Reservoir collapse in the Ozarks washes away homes, cars

Three children injured in accident.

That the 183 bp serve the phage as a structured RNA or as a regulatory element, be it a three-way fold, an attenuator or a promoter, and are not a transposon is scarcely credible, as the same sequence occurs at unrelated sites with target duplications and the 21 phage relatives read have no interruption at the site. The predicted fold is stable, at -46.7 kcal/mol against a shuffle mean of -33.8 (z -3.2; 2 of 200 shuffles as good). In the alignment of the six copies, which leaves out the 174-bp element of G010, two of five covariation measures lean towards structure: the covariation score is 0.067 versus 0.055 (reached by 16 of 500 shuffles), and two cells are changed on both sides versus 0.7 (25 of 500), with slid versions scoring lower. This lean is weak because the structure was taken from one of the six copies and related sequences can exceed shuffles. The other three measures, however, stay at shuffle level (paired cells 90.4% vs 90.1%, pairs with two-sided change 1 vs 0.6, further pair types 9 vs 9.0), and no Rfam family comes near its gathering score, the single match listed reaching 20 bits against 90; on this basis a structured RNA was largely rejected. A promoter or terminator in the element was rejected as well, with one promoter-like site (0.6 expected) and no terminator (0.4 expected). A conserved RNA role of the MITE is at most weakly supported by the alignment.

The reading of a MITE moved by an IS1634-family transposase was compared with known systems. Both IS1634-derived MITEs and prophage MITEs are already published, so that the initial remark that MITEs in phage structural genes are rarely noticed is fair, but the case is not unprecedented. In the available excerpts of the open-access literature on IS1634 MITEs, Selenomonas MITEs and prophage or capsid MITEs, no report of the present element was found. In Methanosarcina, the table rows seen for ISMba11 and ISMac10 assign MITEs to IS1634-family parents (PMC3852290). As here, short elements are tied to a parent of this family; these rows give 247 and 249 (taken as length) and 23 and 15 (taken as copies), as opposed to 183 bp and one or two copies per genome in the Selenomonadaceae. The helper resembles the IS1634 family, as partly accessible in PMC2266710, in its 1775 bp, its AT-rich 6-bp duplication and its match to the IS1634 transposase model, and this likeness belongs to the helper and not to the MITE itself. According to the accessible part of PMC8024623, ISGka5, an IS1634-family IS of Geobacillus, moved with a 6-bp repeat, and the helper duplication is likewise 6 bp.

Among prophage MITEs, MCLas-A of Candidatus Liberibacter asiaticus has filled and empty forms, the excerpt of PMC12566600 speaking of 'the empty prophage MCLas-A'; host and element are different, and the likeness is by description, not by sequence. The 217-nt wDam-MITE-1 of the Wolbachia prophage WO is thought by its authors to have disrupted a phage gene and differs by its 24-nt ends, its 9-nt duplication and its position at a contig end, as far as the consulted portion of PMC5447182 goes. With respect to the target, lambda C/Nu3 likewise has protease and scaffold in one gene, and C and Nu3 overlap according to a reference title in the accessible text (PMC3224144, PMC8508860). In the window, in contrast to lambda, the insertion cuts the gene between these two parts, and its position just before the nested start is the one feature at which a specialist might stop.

The stone retaining wall around a huge mountaintop reservoir in the Ozark Mountains collapsed before daybreak, releasing a billion-gallon (3.8-billion-liter) torrent of water that swept away at least two homes and several vehicles and critically injured three children, authorities said. The V-shaped, 600-foot (180-meter)-long breach opened up just after 5 a.m. Wednesday at a hydroelectric plant run by St. Louis-based utility AmerenUE, and in 12 minutes the 50-acre (20-hectare) reservoir had emptied itself out with terrifying effect, turning the surrounding area into a landscape of flattened trees and clay-covered grass. AmerenUE chairman and chief executive Gary Rainwater said it appeared that the plant's automated instruments had pumped too much water into the reservoir and caused it to rupture. A backup set of instruments should have recognized the problem but didn't, and the utility is trying to figure out why, AmerenUE said. Rescuers searched for an hour before finding the family of Jerry Toops, superintendent of a state park near the reservoir. The four were huddling silently at the far end of a muddy field 500 yards (455 meters) from where their home had once stood. "Pretty much all of them were in shock, honestly," said Lesterville Fire Department Chief Ben Meredith. The three children - ages 7 months, 3 and 5 - were listed in critical condition at a hospital in St. Louis, 120 miles (195 kilometers) to the northeast. The two older children had breathing problems; the baby suffered from hypothermia, authorities said. The reservoir, built in 1963, was dug out of the top of 1,590-foot (477-meter) Profit Mountain, with huge, sloping, 90-foot (27-meter)-high walls made of the stone removed from the peak. The reservoir - the upper of two reservoirs at the hydroelectric plant - was lined with concrete and asphalt. A plastic liner was added two years ago because of minor leaks, Rainwater said. Normally, water released from the reservoir rushes down a 7,000-foot (2,100-meter) shaft and tunnel and spins the turbines to generate electricity. In Wednesday's accident, water gushed through the breach and streamed down the side of the mountain and into a valley, draining the reservoir like a bathtub. At 5:12 a.m., the water level in the reservoir was high, according to AmerenUE. By 5:24 a.m., it registered as low. The water eventually flowed back into the Black River. Soon after the break, police and the National Weather Service urged the 150 residents of Lesterville, about 15 miles (24 kilometers) downstream in the sparsely populated area, to move to higher ground. But by midday, once the water had flowed back into the river, the danger had passed. Gov. Matt Blunt said AmerenUE would be held responsible for flood damage if an investigation finds the company is liable. The company said it would respond to the flooded community's needs. J. Mark Robinson, director of the office of energy projects at the Federal Energy Regulatory Commission, said the plant, including the reservoir, was inspected most recently in August and found to be properly operated and maintained. AmerenUE serves 2.3 million customers in Missouri and Illinois, and the plant provides about 2 percent of its total electric generation. The floodwaters knocked over some power poles, causing scattered outages, but there was no widespread interruption of power because of the breach.